Istanbul is my favouritest of all cities. I want to see the changing of all seasons here.
And I want to write you a rambling love letter about Istanbul. If you look too closely, insistently, for reality in this letter, you will not find it. Its reality, and Istanbul’s and mine, are interwoven with goblins and threads of memory and fancy, and this letter has golden threads running through it. Ask Borges. He’ll tell you. All reality is tinged with imagination.
Now, that’s a long introduction.
There was this big, fat brown cat sauntering across from Mavi today. I’d holed up in the room for a while, reading my tarot cards for some guidance and comfort through a (small but significant) uncertainty. Then I saw the cat, and all was forgotten for a moment. He waddled across, sat looking up for a moment, and thoughtfully scratched his chin.
“No,” he thought, “It smells like eggplant in there.” And he wandered away. Gravel got inside his paws, and he didn’t bother to shake them as he walked toward the sea. The gravel, they felt cushioned, protected by the furry paws; they rolled off when he took a flying leap over the traffic, and felt wind against them. Wind flying east, joyously, and seagulls flying with them.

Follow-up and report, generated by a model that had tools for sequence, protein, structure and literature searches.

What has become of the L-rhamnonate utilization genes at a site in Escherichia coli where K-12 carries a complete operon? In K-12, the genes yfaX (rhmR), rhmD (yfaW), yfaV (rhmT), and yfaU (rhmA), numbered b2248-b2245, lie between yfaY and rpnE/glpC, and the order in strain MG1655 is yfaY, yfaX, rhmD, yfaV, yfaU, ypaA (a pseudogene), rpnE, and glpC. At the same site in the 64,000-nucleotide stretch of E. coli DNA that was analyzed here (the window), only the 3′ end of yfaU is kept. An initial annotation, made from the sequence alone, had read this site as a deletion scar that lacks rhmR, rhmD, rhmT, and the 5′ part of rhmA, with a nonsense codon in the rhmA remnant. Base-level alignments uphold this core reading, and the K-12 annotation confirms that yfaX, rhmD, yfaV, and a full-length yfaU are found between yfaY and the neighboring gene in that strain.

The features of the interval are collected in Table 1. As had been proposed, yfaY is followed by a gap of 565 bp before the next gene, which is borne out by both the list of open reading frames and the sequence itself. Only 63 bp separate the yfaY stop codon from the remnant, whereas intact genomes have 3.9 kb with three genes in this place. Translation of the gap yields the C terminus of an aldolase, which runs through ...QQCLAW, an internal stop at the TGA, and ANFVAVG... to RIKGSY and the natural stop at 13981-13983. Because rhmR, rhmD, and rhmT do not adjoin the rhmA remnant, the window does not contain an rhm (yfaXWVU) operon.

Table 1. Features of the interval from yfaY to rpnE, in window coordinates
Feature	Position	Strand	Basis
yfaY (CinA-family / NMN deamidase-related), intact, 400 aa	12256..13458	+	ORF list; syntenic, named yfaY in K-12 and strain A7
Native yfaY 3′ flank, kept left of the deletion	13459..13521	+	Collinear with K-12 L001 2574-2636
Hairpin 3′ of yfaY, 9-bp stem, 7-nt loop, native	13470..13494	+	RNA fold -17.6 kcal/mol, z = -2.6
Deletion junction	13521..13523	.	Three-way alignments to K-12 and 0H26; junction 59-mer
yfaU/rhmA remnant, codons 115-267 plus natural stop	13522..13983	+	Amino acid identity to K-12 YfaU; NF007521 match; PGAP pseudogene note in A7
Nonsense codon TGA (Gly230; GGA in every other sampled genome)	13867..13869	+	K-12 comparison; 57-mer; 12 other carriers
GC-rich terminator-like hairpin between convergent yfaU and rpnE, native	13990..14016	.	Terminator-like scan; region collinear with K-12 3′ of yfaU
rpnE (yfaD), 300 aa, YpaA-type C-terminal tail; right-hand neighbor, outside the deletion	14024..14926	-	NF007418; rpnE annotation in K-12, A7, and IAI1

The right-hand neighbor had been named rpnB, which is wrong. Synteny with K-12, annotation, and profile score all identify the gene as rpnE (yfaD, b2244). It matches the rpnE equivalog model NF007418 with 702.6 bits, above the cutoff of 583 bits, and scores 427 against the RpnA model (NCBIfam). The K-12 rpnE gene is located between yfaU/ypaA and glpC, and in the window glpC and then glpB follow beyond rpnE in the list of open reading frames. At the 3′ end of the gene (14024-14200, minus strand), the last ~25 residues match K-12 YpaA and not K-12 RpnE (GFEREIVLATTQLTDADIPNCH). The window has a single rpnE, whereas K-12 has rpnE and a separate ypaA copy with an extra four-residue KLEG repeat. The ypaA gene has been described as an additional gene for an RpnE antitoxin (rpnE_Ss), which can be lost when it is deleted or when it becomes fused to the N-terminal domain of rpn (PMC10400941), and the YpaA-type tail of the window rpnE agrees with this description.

Flying? Oh, no. Slipstream buffet, more like. Two valiant sweeps of the wings of this one seagull our cat was watching, and one whoooosh! back, because the wind’s too strong.
“She’s trying so hard,” thought our cat contemptuously, with a swish of his tail. “Fuck you,” thought the seagull. You might think she was replying to the cat, but she was really cursing the wind for fucking up her flight record. It’s not easy being the fastest slipstream seagull in the bay. “The record’s mineminemine!”
As though the wind cared. She blew, blew like a confident whistle; blew east, east, east; east into the meydani where the last rays of the sun touched the Ayasofya, slipping past the tomb of Ahmed III. She blew east, carrying the spicy, niggling aromas of Nihat’s aubergines and pilav. She blew the delish smells straight into my nose, whereat I gathered my steps and betook them quickly, ravenously, across the square and into Mavi’s kitchen.
Perhaps, I thought, perhaps I’ll stay here a while, share my time with others I’ve come to know by sight and smile and the occasional word. Perhaps I’ll put the uncertainty off for another day, and for now, tuck into the ambrosia Nihat’s made for us.